Ethics approval and consent to participate

All participants were fully informed about the nature of the study and signed a consent form. This study was approved by the Human Research Ethics Committee of Victoria University, Melbourne (Application ID. HRE13–215).

Consent for publication

Not applicable.

Competing interests

The author declares that he/she has no competing interests.

Publisher’s Note

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Open AccessThis article is distributed under the terms of the Creative Commons Attribution 4.0 International License (http://creativecommons.org/licenses/by/4.0/), which permits unrestricted use, distribution, and reproduction in any medium, provided you give appropriate credit to the original author(s) and the source, provide a link to the Creative Commons license, and indicate if changes were made. The Creative Commons Public Domain Dedication waiver (http://creativecommons.org/publicdomain/zero/1.0/) applies to the data made available in this article, unless otherwise stated.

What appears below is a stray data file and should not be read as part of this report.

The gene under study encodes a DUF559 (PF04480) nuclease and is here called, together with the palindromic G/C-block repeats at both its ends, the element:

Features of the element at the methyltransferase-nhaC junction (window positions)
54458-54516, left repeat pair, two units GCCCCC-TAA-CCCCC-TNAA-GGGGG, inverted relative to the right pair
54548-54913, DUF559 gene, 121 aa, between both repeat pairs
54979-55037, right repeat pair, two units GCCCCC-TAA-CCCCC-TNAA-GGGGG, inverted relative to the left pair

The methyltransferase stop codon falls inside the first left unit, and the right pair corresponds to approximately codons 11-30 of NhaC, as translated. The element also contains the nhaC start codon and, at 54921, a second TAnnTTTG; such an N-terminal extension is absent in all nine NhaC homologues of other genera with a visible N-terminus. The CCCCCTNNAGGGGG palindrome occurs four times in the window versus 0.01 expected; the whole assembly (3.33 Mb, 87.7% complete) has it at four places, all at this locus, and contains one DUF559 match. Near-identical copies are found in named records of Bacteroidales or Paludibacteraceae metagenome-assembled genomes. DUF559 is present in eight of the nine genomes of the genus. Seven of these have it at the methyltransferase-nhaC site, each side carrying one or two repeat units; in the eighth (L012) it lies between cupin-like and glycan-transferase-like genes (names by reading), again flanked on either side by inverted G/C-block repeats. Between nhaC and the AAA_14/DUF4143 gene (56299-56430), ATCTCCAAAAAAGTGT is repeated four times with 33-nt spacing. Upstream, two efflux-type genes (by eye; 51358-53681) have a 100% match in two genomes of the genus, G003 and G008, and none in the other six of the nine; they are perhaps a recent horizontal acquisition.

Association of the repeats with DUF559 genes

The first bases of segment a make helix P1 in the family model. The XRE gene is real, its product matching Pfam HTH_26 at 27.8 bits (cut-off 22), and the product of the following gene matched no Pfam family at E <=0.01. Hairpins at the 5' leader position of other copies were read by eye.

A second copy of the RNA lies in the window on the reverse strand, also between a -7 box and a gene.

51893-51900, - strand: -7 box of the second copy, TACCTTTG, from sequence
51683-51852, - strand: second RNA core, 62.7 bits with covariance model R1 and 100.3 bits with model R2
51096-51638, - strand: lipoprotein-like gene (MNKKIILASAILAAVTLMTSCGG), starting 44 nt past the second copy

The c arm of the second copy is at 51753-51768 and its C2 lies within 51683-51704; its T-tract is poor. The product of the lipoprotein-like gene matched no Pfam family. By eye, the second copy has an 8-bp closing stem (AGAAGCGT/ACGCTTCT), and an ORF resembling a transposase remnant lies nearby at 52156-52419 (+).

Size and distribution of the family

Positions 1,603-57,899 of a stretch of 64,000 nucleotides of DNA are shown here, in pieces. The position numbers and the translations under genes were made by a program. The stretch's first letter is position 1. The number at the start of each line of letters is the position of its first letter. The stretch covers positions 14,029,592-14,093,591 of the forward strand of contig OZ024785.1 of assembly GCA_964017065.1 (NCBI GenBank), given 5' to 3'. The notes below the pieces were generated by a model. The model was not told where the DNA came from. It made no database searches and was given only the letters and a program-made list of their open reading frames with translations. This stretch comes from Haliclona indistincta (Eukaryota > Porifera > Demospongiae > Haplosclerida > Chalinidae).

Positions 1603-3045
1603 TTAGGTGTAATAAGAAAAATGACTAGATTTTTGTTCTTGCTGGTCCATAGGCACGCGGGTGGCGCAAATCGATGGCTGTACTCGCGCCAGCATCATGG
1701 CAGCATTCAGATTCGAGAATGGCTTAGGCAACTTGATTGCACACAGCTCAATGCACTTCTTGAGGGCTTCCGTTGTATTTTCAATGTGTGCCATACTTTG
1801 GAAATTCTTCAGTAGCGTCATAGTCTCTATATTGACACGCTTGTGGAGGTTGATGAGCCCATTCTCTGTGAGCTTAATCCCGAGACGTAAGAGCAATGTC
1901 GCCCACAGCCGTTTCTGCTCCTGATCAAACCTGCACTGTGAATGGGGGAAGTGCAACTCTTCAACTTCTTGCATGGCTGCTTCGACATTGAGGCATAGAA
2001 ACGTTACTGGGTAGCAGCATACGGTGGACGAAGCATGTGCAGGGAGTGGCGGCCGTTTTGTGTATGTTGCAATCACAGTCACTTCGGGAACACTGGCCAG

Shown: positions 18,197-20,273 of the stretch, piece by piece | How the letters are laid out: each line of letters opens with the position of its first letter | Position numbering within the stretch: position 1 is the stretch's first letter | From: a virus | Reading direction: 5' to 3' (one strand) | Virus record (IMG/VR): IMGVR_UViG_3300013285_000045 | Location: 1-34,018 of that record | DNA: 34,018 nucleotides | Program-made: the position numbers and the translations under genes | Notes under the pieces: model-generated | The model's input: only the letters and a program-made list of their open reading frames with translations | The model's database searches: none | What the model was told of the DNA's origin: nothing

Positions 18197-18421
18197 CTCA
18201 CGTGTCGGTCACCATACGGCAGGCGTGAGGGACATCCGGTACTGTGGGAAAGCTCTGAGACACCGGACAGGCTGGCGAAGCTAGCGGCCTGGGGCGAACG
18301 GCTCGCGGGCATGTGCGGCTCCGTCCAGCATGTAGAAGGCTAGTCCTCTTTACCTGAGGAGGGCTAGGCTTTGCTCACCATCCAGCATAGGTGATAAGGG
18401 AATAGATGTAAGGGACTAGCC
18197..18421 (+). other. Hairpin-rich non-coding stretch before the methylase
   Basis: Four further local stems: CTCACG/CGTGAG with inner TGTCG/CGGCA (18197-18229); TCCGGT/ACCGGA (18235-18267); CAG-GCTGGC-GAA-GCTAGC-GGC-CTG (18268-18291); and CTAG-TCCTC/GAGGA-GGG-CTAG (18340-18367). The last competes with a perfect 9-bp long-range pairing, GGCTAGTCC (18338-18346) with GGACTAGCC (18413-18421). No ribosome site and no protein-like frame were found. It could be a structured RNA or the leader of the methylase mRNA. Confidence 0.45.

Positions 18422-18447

Authors’ Affiliations

(1)
Institute of Sport, Exercise & Active Living (ISEAL), College of Sport and Exercise Science, Victoria University
(2)
Associate Professor and Group Discipline Leader Exercise Science and Clinical Rehabilitation, Institute of Sport, Exercise & Active Living (ISEAL), College of Sport and Exercise Science, Victoria University
(3)
Professor and Head of School Exercise & Nutrition Sciences, Queensland University of Technology